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Experimental Astronomy

, Volume 25, Issue 1–3, pp 43–61 | Cite as

The great nineteenth century refractors

  • James Lequeux
Original Article

Abstract

The first modern refractor was built in 1824 by Fraunhofer; its diameter was 23 cm. The sizes of the largest refractors grew linearly with time, culminating in the 102-cm Yerkes telescope (1897) and the 125-cm horizontal refractor with siderostat for the 1900 Universal Exhibition in Paris. This was the end of the giants; however long-focus photographic or visual refractors with diameters 60-70 cm were still being constructed until 1972. In parallel, many short-focus, wide field astrographs were built after 1893. We recall the scientific uses of the large refractors, and discuss why these cumbersome and expensive instruments were not dethroned by the silvered-glass reflecting telescopes until late, in spite of the advantages of the latter.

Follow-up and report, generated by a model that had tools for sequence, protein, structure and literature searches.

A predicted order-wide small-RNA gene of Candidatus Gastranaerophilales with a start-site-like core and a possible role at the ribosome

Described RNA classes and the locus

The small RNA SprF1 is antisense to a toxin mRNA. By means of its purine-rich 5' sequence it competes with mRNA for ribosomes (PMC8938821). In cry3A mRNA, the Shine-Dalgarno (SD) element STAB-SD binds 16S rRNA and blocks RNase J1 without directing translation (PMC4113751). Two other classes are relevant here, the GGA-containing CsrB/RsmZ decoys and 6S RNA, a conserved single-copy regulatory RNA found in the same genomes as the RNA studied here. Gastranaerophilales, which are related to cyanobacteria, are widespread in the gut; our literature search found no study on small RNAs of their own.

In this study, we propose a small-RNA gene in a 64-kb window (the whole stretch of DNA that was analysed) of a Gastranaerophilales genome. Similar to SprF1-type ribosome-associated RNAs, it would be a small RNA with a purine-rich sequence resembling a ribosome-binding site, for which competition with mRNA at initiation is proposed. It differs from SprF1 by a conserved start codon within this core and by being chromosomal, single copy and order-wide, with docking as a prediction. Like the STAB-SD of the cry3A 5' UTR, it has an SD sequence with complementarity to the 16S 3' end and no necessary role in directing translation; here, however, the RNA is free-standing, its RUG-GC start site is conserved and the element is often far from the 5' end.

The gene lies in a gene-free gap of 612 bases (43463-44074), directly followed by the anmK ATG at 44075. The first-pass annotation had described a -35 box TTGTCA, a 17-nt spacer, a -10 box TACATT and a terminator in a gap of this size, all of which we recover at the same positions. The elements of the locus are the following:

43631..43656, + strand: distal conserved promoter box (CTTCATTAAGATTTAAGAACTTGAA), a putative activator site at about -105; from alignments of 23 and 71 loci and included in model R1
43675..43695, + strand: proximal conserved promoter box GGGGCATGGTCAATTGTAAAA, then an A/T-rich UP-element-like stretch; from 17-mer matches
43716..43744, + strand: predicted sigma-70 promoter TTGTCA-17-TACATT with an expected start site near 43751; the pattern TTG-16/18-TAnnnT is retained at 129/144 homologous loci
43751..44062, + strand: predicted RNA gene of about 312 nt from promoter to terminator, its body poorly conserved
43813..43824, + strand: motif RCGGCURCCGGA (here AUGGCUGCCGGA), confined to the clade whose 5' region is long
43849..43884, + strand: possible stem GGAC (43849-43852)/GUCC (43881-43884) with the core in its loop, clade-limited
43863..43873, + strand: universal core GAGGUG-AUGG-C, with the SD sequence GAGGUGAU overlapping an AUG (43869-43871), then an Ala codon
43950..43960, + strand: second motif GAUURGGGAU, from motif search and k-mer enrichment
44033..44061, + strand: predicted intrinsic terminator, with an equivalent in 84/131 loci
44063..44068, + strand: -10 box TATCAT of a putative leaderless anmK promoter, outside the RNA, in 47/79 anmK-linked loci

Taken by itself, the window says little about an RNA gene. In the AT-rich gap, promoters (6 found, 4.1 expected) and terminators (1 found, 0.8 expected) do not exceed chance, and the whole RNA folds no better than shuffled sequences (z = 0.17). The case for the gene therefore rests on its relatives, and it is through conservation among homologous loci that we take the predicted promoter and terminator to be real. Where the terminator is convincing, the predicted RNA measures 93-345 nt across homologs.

Keywords

Telescope Refractor Reflector Astrograph History of astronomy 

Notes

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Copyright information

© Springer Science+Business Media B.V. 2009

Authors and Affiliations

  1. 1.LERMAObservatoire de ParisParisFrance

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